Tag Archives: MarketAxess

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Quant-Centric ETF Market-Maker Jane Street Adds Corporate Bond Axe

Jane Street Capital, the quant-centric proprietary trading firm best known for its dominant role in the ETF marketplace–including its role as a liquidity provider for stocks and options as well as exchange-traded funds to buy-side accounts– has a new arrow in its quiver; making markets in corporate bonds.  The firm disclosed that it is lifted its anonymous veil and is now a ‘disclosed dealer’ on electronic bond trading platform MarketAxess (NASDAQ: MKTX).

jane-street-capitalShall we guess whether the 6-pack banks and their first cousins–the industry’s legacy source of liquidity to buy-side managers navigating the corporate bond market landscape are (i) happy to have a new competitor, (ii) happy not to have to make markets and tie up balance sheets with inventory of hard-to-move corporate bonds or (iii) f–king pissed that tech-focused prop trading firms are now invading a secondary market product area that banks have viewed as their exclusive territory since time began?  Jay Berkman, a ‘bond-tech’ pioneer given his co-founding role of BondNet, the corporate bond markets’ first electronic exchange platform when it launched in 1995 (and later acquired by BNY) answered the MarketsMuse editor’s question with: “Is that a rhetorical question?!”

As noted by WSJ reporter, Matt Wirz, investment banks and brokerages are the main go-betweens for money managers looking to buy and sell corporate bonds, about $25 billion of which trade daily in the U.S. Now, Jane Street Capital LLC, has begun offering the same service to investment firms on electronic trading platform MarketAxess and has recruited about 60 clients, people familiar with the matter said.

The move puts Jane Street in direct competition with traditional dealers like Goldman Sachs Group Inc. and JPMorgan Chase & Co. It also shows how bond markets are being transformed by electronic and algorithmic trading, innovations that swept stock and currency markets more than a decade ago.

Jane Street’s headquarters are a five-minute walk from Wall Street, but in some ways the firm is more akin to a Silicon Valley startup than an investment bank. “They have a different approach—there’s not a lot of sales and a lot of technology,” says Mike Nappi, a bond trader for mutual-fund manager Eaton Vance Corp. who has bought and sold bonds through Jane Street. “That’s different from a traditional bank where they have a lot of sales and the technology is more like Microsoft Excel.”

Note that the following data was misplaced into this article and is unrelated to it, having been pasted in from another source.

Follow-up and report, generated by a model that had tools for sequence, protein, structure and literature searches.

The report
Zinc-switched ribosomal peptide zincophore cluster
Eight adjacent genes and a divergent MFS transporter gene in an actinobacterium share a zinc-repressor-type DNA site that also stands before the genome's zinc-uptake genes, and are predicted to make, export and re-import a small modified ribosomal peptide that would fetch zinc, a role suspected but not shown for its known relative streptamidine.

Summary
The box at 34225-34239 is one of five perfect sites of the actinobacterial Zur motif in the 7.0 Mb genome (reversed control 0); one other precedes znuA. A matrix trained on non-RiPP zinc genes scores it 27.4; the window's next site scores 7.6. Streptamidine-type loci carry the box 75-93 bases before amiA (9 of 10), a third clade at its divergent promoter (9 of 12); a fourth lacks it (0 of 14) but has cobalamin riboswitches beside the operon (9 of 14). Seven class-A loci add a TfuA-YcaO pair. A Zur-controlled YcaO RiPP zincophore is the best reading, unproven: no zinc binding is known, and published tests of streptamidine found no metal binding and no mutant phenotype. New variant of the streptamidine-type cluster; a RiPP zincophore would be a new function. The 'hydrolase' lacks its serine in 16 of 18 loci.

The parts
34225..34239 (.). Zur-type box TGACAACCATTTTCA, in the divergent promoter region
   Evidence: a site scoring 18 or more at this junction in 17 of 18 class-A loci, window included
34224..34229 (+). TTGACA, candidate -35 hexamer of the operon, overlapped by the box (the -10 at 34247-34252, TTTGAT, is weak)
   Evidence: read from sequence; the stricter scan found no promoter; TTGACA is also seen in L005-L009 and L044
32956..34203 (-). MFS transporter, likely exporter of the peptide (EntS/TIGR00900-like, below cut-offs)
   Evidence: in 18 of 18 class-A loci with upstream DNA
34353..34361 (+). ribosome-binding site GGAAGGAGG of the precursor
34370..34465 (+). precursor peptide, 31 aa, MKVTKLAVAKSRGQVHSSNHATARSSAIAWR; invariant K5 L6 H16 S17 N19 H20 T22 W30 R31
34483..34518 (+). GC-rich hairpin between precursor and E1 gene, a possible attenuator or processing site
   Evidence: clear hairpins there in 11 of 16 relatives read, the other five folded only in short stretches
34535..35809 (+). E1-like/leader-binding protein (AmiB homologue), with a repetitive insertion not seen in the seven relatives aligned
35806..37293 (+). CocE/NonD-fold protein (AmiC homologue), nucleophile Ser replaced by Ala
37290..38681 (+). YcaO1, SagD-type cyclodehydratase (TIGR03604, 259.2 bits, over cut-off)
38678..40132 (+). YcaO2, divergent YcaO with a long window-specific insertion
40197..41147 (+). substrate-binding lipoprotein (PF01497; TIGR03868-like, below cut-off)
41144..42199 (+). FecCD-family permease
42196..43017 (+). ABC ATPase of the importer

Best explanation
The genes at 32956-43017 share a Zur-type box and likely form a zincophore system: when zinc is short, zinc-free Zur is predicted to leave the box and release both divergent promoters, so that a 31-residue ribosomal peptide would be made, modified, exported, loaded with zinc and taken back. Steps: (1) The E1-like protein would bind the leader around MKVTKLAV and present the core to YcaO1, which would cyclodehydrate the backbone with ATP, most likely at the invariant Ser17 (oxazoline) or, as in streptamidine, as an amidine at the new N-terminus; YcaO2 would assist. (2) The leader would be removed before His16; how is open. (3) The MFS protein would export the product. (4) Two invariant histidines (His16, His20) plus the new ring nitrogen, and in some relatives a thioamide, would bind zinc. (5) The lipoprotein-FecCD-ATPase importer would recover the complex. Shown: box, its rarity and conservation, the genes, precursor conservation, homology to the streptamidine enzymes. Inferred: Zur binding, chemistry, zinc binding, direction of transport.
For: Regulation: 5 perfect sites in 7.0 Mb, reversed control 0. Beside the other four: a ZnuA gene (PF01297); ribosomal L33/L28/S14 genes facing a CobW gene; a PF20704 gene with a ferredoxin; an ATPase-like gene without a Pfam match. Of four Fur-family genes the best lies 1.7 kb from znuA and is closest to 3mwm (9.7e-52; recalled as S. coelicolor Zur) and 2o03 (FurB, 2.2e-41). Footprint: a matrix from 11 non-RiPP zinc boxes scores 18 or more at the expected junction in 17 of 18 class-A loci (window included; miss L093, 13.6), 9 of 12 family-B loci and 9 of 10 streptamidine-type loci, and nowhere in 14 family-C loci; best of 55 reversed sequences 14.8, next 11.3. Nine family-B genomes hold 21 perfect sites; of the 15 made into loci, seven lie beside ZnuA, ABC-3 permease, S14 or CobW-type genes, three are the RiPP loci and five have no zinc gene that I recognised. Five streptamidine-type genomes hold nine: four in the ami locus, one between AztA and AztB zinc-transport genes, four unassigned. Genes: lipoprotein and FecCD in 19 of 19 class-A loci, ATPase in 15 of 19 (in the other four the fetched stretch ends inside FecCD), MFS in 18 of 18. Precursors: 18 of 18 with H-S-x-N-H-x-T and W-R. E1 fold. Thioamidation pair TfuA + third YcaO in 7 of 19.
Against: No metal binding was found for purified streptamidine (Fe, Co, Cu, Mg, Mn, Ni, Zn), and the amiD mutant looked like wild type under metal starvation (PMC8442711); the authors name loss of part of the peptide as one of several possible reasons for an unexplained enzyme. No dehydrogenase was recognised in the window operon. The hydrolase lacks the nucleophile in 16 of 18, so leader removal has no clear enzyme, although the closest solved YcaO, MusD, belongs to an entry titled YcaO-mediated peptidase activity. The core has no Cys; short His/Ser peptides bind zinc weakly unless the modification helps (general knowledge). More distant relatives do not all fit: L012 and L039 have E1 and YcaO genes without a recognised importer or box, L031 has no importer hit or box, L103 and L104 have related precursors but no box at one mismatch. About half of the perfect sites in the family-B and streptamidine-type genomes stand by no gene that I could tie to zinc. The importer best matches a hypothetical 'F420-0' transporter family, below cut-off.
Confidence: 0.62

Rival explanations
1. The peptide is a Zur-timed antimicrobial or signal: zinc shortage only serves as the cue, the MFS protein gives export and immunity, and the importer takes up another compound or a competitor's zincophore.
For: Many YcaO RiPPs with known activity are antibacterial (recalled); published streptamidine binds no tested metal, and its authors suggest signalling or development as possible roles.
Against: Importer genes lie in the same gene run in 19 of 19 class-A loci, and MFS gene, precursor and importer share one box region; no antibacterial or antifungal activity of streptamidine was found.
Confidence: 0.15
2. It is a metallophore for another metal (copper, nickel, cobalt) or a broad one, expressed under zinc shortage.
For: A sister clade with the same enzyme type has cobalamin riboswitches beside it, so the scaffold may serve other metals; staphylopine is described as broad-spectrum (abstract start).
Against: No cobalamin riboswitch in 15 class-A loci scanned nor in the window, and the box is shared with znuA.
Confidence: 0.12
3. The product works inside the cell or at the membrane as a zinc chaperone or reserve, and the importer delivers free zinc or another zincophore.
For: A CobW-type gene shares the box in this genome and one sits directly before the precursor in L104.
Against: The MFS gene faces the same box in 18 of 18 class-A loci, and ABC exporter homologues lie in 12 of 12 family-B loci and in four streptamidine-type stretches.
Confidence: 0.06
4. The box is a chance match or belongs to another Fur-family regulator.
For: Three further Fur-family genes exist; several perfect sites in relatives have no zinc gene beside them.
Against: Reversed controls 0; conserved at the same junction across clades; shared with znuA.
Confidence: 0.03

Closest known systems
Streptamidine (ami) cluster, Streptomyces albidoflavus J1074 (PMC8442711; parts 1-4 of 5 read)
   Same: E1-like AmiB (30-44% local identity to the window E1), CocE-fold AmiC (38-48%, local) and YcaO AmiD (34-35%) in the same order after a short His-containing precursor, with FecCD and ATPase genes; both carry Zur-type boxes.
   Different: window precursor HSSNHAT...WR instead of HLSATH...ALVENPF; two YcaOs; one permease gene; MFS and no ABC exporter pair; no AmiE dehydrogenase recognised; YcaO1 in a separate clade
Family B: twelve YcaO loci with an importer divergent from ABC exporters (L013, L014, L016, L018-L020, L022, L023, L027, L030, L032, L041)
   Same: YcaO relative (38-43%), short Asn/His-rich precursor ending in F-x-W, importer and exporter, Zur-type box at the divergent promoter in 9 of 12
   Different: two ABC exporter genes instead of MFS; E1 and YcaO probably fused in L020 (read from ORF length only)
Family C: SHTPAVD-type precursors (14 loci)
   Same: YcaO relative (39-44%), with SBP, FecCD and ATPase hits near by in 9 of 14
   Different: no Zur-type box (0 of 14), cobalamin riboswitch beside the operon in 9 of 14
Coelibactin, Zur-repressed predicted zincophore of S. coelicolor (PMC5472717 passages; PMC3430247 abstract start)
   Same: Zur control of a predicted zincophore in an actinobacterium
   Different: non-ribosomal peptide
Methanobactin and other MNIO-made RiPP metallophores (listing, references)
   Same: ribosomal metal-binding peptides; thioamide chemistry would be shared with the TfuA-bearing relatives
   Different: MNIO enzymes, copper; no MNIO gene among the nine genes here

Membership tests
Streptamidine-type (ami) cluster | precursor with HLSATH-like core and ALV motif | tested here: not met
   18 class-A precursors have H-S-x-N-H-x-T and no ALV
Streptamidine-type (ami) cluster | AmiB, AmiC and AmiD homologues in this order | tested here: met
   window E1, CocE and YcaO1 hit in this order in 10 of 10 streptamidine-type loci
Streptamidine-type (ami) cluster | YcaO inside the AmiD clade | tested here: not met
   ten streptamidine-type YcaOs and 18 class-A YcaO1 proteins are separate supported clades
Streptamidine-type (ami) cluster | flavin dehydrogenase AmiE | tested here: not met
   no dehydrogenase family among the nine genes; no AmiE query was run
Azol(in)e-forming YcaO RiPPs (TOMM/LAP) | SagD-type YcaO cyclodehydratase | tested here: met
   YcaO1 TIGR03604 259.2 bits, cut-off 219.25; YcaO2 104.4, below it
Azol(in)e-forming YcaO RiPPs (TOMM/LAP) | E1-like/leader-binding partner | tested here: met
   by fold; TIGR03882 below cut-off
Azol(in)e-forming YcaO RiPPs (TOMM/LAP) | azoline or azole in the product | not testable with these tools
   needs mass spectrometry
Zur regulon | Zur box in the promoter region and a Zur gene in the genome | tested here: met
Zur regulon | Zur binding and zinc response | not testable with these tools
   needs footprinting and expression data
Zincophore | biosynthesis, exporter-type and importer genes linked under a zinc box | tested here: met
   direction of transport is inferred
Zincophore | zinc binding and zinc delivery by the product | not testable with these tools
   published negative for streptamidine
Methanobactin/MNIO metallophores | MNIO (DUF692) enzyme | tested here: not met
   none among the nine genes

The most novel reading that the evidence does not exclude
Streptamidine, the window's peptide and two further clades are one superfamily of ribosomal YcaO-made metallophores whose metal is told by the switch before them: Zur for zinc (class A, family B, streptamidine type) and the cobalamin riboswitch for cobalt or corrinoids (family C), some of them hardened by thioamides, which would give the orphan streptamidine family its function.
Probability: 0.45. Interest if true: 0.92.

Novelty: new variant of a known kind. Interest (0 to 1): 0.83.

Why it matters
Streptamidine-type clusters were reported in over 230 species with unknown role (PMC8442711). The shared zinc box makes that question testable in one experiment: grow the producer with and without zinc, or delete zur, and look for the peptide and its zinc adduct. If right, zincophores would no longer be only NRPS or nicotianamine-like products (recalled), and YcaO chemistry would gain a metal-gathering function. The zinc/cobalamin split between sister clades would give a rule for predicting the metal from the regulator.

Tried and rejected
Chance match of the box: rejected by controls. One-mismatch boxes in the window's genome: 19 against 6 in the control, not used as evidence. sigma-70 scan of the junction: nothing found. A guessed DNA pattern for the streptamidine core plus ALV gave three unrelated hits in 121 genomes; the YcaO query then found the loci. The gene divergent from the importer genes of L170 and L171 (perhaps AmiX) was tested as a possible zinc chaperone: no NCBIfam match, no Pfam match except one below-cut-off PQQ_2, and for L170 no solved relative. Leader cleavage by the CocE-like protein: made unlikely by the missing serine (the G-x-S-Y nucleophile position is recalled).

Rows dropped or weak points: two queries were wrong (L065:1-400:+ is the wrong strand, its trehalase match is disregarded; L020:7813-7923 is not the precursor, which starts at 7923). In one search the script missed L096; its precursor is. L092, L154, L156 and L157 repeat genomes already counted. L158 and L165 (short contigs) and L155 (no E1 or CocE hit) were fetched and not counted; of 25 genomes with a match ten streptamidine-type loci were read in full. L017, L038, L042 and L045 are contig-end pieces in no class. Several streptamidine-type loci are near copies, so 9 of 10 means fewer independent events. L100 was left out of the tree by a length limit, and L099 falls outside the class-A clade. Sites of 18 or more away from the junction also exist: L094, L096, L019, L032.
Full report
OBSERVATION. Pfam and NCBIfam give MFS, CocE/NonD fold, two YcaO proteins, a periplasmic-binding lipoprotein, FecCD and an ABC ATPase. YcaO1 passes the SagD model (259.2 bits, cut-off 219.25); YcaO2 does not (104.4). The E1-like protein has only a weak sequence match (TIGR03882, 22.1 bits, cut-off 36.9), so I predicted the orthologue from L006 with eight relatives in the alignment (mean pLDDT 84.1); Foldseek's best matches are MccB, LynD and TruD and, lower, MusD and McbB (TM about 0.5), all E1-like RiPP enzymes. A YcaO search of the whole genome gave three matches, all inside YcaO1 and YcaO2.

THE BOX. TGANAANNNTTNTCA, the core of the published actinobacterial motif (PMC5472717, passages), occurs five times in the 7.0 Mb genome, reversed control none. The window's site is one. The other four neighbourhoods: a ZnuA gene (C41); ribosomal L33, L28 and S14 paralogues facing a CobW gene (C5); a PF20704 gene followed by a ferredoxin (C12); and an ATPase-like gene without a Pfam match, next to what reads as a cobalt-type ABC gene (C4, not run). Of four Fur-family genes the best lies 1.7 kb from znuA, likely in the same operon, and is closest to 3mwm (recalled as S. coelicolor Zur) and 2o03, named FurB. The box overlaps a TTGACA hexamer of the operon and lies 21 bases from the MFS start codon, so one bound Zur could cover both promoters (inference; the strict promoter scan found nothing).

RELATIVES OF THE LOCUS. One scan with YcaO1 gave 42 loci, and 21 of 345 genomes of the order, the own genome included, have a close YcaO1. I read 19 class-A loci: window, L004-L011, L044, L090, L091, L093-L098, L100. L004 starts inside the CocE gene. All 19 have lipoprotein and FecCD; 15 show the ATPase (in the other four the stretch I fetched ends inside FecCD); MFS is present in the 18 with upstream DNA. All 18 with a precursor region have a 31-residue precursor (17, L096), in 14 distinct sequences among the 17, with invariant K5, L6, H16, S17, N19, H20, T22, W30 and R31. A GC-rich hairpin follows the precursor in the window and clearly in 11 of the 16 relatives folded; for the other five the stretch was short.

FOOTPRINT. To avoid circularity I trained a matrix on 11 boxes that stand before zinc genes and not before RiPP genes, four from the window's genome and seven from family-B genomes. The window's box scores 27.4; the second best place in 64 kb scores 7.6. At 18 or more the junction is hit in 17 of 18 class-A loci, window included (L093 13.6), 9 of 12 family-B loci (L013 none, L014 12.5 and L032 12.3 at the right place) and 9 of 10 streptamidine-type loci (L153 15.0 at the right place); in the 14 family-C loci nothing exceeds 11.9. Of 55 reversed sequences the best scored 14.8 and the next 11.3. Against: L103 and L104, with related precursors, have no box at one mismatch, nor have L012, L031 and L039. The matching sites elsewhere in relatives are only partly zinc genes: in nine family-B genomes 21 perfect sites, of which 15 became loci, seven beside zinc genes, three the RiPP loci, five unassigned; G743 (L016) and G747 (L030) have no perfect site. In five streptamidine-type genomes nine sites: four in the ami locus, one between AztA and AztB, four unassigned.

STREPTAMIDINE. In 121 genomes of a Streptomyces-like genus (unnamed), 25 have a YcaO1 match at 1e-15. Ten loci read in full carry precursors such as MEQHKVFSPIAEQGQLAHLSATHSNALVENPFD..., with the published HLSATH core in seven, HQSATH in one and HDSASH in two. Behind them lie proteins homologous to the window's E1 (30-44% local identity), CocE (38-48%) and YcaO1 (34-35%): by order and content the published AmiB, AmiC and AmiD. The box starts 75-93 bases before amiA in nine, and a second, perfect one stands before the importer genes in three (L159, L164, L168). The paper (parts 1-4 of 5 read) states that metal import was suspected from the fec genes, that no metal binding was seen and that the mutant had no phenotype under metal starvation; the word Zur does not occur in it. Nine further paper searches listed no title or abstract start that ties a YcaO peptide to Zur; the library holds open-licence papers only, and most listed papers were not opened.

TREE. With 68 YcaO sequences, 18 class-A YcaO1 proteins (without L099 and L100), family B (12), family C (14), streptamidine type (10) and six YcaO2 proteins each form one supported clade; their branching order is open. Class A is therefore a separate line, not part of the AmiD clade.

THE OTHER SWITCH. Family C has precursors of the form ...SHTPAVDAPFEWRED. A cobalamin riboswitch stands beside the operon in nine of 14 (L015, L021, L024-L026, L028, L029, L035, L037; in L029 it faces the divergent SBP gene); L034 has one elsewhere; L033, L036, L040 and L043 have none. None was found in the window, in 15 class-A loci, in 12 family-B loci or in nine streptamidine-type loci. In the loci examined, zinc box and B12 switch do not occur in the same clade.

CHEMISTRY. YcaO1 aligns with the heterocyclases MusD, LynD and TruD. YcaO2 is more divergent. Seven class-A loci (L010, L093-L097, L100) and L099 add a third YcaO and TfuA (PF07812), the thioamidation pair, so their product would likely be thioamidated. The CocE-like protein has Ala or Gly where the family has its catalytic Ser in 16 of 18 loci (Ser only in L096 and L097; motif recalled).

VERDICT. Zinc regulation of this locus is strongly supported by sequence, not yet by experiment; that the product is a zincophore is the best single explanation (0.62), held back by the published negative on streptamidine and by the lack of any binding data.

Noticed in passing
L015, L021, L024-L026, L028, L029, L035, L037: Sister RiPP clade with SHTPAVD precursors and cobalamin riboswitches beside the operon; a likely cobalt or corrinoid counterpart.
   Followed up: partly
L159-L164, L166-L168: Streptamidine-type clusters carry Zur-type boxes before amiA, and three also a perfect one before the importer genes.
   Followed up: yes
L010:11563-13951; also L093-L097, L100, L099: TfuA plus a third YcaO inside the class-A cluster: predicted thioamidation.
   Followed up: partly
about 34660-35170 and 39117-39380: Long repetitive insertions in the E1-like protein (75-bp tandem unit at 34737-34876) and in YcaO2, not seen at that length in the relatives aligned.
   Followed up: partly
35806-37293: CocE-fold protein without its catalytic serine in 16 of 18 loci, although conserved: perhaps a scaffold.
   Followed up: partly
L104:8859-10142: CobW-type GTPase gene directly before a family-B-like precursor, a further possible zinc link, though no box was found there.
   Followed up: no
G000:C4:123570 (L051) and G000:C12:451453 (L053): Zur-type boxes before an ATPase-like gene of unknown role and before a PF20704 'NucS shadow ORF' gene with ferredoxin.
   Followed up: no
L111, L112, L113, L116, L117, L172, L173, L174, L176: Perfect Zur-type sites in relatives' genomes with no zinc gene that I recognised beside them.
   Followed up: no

By joining those ranks, Jane Street aims to get recognition from asset managers for the balance sheet it uses to buy and sell with them, ultimately boosting the amount they trade with the firm, said Matt Berger, the firm’s head of fixed income and commodities trading. Jane Street trades about $550 million worth of corporate bonds in the U.S. every day, he said. This amounts to about 2% of the overall market, five times more than the firm traded two years ago.

That expansion would have been impossible without the recent spread of electronic bond trading.

Technology-driven trading firms like Jane Street and Virtu Financial LLC emerged after stock exchanges electronified in the 1990s, connecting  buyers and sellers through computers and reducing trading times to fractions of a second. The firms’ computer scientists built programs to cull market data and identify profitable trades that humans missed. Now, quantitative trading firms dominate the stock market.

Electronic trading has been slower to catch on in debt markets because bonds typically trade over-the-counter rather than on centralized exchanges. That has begun to change over the past five years as banks and money managers turn to electronic trading and data analysis to trim costs and to connect to more trading partners. Electronic trading platforms like MarketAxess have given Jane Street and other quantitative investors venues to apply the technology they used in other markets.

MarketAxess accounted for about 18% of all U.S. investment-grade bond trading last year, up from 12% in 2014, according to data from the company.

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Jane Street, founded by four partners including Michael Jenkins and Robert Granieri, now has about 50 bond salespeople and traders. Recruiting materials tout chess facilities, office gyms, math puzzle contests.

The firm trades less debt overall than most banks, which still employ hundreds of human sales and trading staff. But when it comes to its inventory of corporate bonds, “we are on par with the banks,” Mr. Berger said.

Jane Street hold bonds on its balance sheet for days or weeks to facilitate so-called portfolio trades of bundles of bonds often tied to ETFs. The portfolio deals normally range from $50 million to $750 million but can go as high as $2 billion, a person familiar with its trades said.

Read the full WSJ story here

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TradeWeb Cashes In, Broker-Dealer Investors Cash Out via IPO

Bonds and Billions 3.0…Tradeweb Markets, one of the original electronic bond trading pioneers, which first introduced its dealer consortium platform in 1996, proved that patience is a virtue when it comes to monetizing enterprise value. The company raised $1.1billion via its Nasdaq-listed IPO yesterday (NASDAQ:NW). Illustrating investor attraction to owning a piece of the fintech company focused on fixed income trading, the company increased the number of shares they first planned to offer from 27.3 million to 40 million shares and upped the ante for the IPO price from a $24-$26 range to slightly north of $27. The IPO puts a $6bil valuation on the company–whose original investors include a consortium of broker-dealers.

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Tradeweb CEO Lee Olesky photo courtesy of BRENDAN MCDERMID/REUTERS

Per snippet from Bloomberg News, Tradeweb intends to use proceeds to buy shares held by eight of the 11 large banks that own stakes in the company, including Bank of America Corp., Goldman Sachs Group Inc., Morgan Stanley and UBS Group AG, according to its registration statement filed with the Securities and Exchange Commission.

Tradeweb’s IPO is also the biggest for a financial services company in the U.S. since online lender GreenSky Inc. raised $874 million in May.